Cardinals catcher Yadier Molina sprained his thumb last night on an awkward slide into third base. He underwent an to determine the severity of the injury. The verdict: severe. Molina has a torn ligament in his right thumb. He will have surgery and will miss 8-12 weeks, the team announced a few minutes ago.
Molina was hitting .287/.341/.409 with 16 doubles and seven home runs when he went down. That’s off the pace of where he’s been the past couple of years, but it’s still excellent production, and that’s before you factor in the fact that he is, bar none, the best catcher in all of baseball. This is a tremendous blow for the Cardinals, who have had the luxury of Molina’s outstanding work, almost uninterrupted, for the past decade.
In his place: Tony Cruz and Audry Perez. At least for now. If the Cardinals are looking to get a veteran presence to take Molina’s place or back either Cruz or Perez up, both John Buck and A.J. Pierzynski were DFA’d this week.
Not that either of them are a substitute for Yadi. Heck, you could stack all four of those guys on top of one another and they wouldn’t measure up to Yadi.
It was assumed already, but Mike Scioscia made it official during Monday’s press conference for new general manager Billy Eppler that he will return as Angels manager in 2016.
Scioscia, the longest-tenured manager in the majors, has been at the helm with the Angels since 2000. There was a clause in his contract which allowed him to opt out after the 2015 season, but he has decided to stay put. He still has three years and $15 million on his contract, which runs through 2018.
Jerry Dipoto resigned as Angels general manager in July amid tension with Scioscia, so there were naturally questions today about what to expect with first-time GM Eppler in the fold. According to David Adler of MLB.com, Scioscia isn’t concerned.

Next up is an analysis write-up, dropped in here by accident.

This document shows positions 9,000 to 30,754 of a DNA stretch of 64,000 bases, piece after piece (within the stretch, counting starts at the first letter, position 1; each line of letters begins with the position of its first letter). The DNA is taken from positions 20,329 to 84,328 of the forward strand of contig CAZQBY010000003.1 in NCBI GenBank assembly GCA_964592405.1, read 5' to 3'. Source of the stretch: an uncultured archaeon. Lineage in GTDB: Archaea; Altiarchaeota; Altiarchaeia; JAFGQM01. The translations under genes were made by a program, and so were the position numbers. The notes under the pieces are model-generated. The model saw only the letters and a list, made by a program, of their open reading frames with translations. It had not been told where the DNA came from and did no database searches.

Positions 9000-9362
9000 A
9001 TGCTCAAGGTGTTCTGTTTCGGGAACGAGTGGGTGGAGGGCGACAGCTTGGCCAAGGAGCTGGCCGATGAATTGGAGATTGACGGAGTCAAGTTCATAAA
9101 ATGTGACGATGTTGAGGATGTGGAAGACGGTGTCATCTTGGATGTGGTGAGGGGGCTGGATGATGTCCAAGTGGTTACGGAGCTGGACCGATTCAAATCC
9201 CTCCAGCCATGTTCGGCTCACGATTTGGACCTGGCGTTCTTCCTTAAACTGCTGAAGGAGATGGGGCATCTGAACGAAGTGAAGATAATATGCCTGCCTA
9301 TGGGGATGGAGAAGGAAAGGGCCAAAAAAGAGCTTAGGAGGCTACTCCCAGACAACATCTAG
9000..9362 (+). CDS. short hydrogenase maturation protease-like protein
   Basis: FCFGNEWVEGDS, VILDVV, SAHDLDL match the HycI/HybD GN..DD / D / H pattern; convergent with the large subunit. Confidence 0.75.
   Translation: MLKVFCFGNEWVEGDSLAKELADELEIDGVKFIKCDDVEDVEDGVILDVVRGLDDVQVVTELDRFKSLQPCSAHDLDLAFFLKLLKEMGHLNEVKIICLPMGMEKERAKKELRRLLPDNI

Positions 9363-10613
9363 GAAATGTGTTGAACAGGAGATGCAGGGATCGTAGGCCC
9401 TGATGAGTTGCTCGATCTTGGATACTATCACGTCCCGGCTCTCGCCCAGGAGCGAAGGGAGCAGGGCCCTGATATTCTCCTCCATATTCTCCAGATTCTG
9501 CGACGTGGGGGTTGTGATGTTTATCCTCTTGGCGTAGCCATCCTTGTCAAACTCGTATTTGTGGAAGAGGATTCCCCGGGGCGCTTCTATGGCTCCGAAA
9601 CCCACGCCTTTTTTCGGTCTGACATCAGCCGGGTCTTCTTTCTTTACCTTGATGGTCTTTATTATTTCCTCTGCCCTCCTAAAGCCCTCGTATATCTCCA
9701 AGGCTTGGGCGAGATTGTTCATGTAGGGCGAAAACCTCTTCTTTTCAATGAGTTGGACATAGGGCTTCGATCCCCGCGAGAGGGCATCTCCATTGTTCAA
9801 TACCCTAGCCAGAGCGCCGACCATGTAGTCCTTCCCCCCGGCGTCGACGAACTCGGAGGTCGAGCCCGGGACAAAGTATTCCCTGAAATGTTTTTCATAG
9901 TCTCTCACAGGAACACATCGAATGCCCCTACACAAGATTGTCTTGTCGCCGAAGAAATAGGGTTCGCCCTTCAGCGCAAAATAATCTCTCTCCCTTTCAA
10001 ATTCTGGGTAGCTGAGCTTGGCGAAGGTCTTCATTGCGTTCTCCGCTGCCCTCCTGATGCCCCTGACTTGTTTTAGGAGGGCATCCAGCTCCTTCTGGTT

“I think we’re going to mesh very well,” Scioscia said. “If we adjust, or maybe he adjusts to some of the things, there’s going to be collaboration that’s going to make us better.”
Eppler is the fourth general manager during Scioscia’s tenure with the team.
After winning the AL West last season, the Angels finished 85-77 this season and narrowly missed the playoffs. The team hasn’t won a postseason game since 2009.
Astros center fielder Carlos Gomez sat out the final series of the regular season in order to rest a strained left intercostal muscle, but there was good news coming out of a workout today in advance of Tuesday’s Wild Card game vs. the Yankees.
This has been a lingering issue for Gomez, who missed 13 straight games with the injury last month. He aggravated the strain on a throw to home plate last Wednesday and was forced to sit while the Astros fought to keep their season alive. Astros manager A.J. Hinch told reporters last week that Gomez’s injury would typically take 45-50 days to recover from, so it’s fair to wonder how productive he can be during the postseason.
Gomez mostly struggled after coming over from the Brewers at the trade deadline, batting .242 with four home runs and a .670 OPS over 41 games.